What is Russian civilization? Many Western scholars, including Oswald Spengler and Arnold Toynbee, never qualified Russia as part of the European world and treated it as a stand-alone civilization. Three years ago, the Levada-Centre, the most respected sociological organization in Russia, surveyed Russians on the matter. 70% of those polled did not think of themselves, nor did they want to be Europeans. Europe has always been widely criticized in Russian political philosophy, while the advocates of Europe known as zapadniki or Westernizers, were far less popular than Slavic and Eurasian oriented ideological groups. Eurasian-oriented intellectuals were the fiercest opponents of Europe. After years in Europe, these one-time emperor’s professors and privatdozents who fled there after 1917 never accepted its culture. They insisted that Russian and European cultures were fundamentally incompatible and belonged to opposite civilizations. In their opinion, Russia was a standalone civilization (“Russo-Siberian” according to Oswald Spengler) opposite to the fundamental aspects of both European and Asian cultures: “The culture of Russia is neither European, nor of one of the Asian cultures, nor the sum or combination thereof… It should be distinguished from the cultures of Europe and Asia and viewed as a median Eurasian culture.” Supporters of the Eurasian foundation admitted the huge impact of the East, especially Turkic and Mongolian, on Russia. “How can we possibly be the descendants of Kyiv Rus? We are the successors of the great empire of Genghis!” wrote Russian writer and journalist Vadim Kozhynov in Soviet times. “… without the Tatars there would have been no Russia” claimed Pyotr Savitski. Other like-minded intellectuals believed that the Russian state was founded by Moscow tsars, the successors of Mongol khans, rather than by Kyiv princes. They believed that the collapsed Golden Horde was revived as the Moscow kingdom. Some mentioned “the miracle of the Tatar environment transforming into Russian statehood” in their publications. Pyotr Struve, a Russian liberal known for his proactive struggle against all things Ukrainian, among others, insisted that “The key factors in the rise of the great Russian nation were the Moscow State and Tatar-Mongolian influences.” “The sounder the culture and nation, the more powerful and cruel its state,” Eurasia-oriented intellectuals concluded, often referring to the Russian World concept in the same spirit now echoed by Russian Patriarch Kirill.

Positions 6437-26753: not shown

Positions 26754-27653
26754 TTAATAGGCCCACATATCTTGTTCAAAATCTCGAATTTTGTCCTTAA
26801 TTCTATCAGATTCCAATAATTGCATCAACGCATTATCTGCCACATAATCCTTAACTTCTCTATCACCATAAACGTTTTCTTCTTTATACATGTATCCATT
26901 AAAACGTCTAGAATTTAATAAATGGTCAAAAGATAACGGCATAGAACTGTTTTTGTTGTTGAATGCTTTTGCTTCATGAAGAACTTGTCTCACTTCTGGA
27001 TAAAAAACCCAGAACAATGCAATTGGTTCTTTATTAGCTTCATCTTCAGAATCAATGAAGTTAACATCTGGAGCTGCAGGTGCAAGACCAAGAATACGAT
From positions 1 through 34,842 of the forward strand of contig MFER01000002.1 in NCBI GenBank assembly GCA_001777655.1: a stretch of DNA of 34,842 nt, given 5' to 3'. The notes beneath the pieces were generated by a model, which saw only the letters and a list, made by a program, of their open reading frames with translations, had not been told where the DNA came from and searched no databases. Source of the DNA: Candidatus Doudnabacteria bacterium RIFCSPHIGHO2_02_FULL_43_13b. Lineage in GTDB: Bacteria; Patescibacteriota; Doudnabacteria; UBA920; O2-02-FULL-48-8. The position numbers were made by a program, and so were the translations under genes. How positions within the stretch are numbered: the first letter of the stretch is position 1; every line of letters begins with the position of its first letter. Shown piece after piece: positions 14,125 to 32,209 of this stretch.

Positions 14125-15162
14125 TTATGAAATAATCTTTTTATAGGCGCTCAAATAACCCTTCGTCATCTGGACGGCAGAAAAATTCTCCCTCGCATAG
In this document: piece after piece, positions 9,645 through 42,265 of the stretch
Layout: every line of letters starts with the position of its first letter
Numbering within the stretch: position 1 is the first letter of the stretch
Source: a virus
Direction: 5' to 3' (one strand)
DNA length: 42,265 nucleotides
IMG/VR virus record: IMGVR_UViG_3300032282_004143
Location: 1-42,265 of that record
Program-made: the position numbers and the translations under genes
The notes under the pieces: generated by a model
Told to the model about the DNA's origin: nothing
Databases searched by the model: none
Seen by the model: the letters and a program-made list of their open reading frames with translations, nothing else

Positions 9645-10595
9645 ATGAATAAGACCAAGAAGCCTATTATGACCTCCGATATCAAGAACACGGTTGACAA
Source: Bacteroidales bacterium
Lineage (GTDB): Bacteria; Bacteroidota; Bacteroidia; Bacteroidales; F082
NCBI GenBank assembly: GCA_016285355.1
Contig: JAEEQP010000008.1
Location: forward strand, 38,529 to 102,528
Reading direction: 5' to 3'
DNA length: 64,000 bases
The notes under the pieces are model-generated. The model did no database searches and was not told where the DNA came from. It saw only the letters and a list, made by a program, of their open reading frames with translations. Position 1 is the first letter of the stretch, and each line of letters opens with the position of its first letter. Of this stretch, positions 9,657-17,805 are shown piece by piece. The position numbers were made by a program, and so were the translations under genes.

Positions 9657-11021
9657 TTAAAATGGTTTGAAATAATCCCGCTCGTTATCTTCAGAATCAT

READ ALSO: Russification Via Bilingualism

One may refer to Peter the Great’s reforms and take exception to the Asian nature of Russian civilization. However, that Westernization of Russia was probably purely superficial and formal. Did Turks become Europeans when they swapped their turbans and tarbushes for hats? Yuri Lotman’s Tartu-Moscow Semiotic School offered an accurate portrait of Peter’s Westernization in the Sign Systems Studies. It described a typical 18th-cent. Russian nobleman as someone who wore verigi – the rusty chains of a Moscow fool for Christ – under the fine Brabant lace of his shirt. Peter the Great, who wanted to take technical, administrative and scientific accomplishments from the West, while leaving the multi-century Russian tradition of despotism, arbitrary and undivided rule intact, himself realized how limited his reforms were. It was European worldview that scared Peter, because it could undermine if not destroy the Russian system. “Leibniz is very smart, but not in our way, not in a Russian way,” he described the outstanding mathematician and philosopher when the Imperial Academy of Sciences and Arts in St. Petersburg wanted to invite him to work there. He was rejected…

Peter the Great also realized the fundamental contradiction between Europe and Russia. Aleksey Tolstoy described them in his novel Peter I that won him the Stalin Prize. When Peter, under the pseudonym Pyotr Mikhaylov, worked as a carpenter in a town in Holland (although all locals knew that he was actually a Russian tsar), he once went on a walk through the typical flatland, surrounded by waters, canals and bridges. He stepped on one of the bridges when he saw a young boy walking underfoot, eating an apple. Pytor grabbed the boy by this shirt and tossed him over to the other side of the canal. They boy got mad and threw the apple core in the Russian tsar’s face. Pyotr’s reaction was interesting. He wiped his face, came up to the boy and said, “I’m sorry, brother, I forgot. I thought I was walking in Moscow.” This episode shows more than the volumes of research into European and Russian civilizations. With his apology, Pyotr admitted that Holland had a completely different civilization which has very little in common with his homeland. There, even a child has its own dignity that cannot be abuse. In Moscow, there is no such thing as human dignity.

READ ALSO: The Spenglerian Fallacy and Europe as a Mutual Rediscovery